Along the same lines of understanding how inputs like food impact each of us differently, investors have zoomed in on the area of metabolic health as a key area of growth in the wellness market.
The recent investment of $12 million into Levels by venture capitalists is one example that demonstrates an anticipated tailwind of consumer interest in this area. Levels is a company that makes a ‘bio-wearable metabolic sensor’ that enables people to receive actionable data from how foods impact blood sugar levels.
Continuous glucose monitors have long been a staple of metabolic measurement but access to the devices is met with regulatory restrictions. Still, data shows that this level of information is needed. Research suggests that fewer than two in ten Americans are considered metabolically healthy and more than 80% of people who currently have prediabetes, don’t even know it.
Whoop, an activity, sleep, and wellness tracker, is another company in the wellness space that made headlines with its recent $100 million investment round. Multiple high-profile athletes joined that investment after perceiving the technology and business model to be compelling.
Unsurprisingly, larger technology companies have also demonstrated an interest in this space. The continued development of the Apple Watch and recent announcements by Amazon represent just a portion of what we should expect from bigger names in the space.
Sleep Management & Optimization
Even with the innovations in wearable tech and the growth of personalized medicine, venture capitalists aren’t sleeping on the market opportunity in the recovery space, pun intended.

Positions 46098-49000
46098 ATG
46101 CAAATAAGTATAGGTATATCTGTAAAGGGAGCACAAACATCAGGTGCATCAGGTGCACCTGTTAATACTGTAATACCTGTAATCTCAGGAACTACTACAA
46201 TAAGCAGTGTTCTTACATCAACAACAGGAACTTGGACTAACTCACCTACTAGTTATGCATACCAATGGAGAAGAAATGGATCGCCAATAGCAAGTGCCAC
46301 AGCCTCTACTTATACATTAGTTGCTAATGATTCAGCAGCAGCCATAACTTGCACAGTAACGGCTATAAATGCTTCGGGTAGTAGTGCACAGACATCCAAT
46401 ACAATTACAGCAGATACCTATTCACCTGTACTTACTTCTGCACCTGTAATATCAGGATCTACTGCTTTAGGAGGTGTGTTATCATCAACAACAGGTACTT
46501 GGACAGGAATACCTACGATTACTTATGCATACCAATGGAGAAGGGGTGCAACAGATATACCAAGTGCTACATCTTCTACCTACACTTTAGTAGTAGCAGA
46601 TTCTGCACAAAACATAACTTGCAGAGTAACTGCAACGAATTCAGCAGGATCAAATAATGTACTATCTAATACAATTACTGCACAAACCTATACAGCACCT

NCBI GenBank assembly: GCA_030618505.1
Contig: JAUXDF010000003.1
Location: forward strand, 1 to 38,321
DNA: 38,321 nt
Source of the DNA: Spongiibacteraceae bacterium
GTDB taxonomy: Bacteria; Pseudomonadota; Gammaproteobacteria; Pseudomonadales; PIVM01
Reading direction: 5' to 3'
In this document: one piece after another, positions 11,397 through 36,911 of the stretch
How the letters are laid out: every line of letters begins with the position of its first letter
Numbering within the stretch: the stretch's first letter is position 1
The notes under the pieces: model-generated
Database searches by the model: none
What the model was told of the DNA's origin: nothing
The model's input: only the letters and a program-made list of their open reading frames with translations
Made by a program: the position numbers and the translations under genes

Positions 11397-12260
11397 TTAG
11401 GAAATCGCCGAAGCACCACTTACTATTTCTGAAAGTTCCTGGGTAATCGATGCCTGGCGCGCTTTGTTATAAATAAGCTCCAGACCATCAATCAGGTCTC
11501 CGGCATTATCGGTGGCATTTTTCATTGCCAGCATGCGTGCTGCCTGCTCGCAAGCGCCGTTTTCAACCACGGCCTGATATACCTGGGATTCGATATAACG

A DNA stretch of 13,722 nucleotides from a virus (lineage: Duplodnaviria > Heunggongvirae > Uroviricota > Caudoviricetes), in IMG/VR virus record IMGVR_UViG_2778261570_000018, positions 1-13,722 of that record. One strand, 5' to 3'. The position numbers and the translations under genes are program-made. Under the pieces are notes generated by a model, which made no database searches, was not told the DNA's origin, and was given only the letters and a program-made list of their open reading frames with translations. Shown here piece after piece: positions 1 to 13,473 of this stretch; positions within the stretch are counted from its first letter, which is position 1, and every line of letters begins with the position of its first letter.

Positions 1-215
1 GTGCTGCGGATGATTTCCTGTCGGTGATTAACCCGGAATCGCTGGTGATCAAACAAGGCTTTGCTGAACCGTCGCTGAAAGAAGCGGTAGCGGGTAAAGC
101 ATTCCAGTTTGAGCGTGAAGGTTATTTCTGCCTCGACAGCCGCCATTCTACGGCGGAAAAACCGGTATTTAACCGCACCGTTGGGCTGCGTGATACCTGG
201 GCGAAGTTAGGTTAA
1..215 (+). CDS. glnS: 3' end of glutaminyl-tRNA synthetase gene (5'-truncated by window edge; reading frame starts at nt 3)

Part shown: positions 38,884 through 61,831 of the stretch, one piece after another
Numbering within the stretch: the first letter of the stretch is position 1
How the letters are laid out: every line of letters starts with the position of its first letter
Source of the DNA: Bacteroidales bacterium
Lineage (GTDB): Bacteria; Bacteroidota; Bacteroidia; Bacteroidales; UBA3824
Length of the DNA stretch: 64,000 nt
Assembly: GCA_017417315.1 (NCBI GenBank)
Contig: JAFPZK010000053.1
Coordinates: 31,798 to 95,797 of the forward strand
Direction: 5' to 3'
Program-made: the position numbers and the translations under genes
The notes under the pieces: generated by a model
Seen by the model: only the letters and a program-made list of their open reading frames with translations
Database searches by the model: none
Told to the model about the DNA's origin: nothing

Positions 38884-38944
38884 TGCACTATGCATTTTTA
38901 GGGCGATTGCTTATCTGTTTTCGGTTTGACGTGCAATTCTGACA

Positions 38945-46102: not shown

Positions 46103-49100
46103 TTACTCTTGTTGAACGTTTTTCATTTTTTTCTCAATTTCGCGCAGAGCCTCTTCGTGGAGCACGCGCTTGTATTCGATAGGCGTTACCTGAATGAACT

The last couple of years have brought with it massive amounts of capital into the sleep and recovery space. Companies like Eight Sleep, Purple, Leesa, Casper, and others are seeing big capital infusions to help people solve many of the common sleep problems, resulting in billion-dollar valuations.
What used to be an industry that focused on mattress height or positioning has evolved into one where biometrics and data measurement dictate changes in mattress temperature and comfort. While it would be easy to assume there is little room for improvement in the estimated $27.5 billion mattress market, many investors see much more opportunity for expanded offerings and complementary products.
What’s On The Horizon: Psychedelics, Massage Devices, and More
Beyond the traditional health and wellness categories mentioned above, it also looks like a few more segments are bubbling with investor interest.
Psychedelics, for example, is one uncommon market related to mental health that is gaining appeal among mainstream firms. The famed Shark Tank investor Kevin O’Leary is one of the more vocal people who is betting on this space. This comes as Peter Thiel reportedly invested in a company’s $125 million funding round. As big names like these jump in, many of their colleagues will undoubtedly follow.
Physical recovery hardware is also seeing more notoriety. Products like Hyperice or Theragun, described as deep muscle massage treatments, are growing in popularity among athletes and active people who are trying to recover more quickly from soreness.
While the cost to consumers varies wildly for each of the products across these verticals, the common thread is that the current revenue derived from them all reinforce people’s commitment to a better, healthier lifestyle.
As a result, investors will continue to invest in new areas that speak to our individual wellness goals.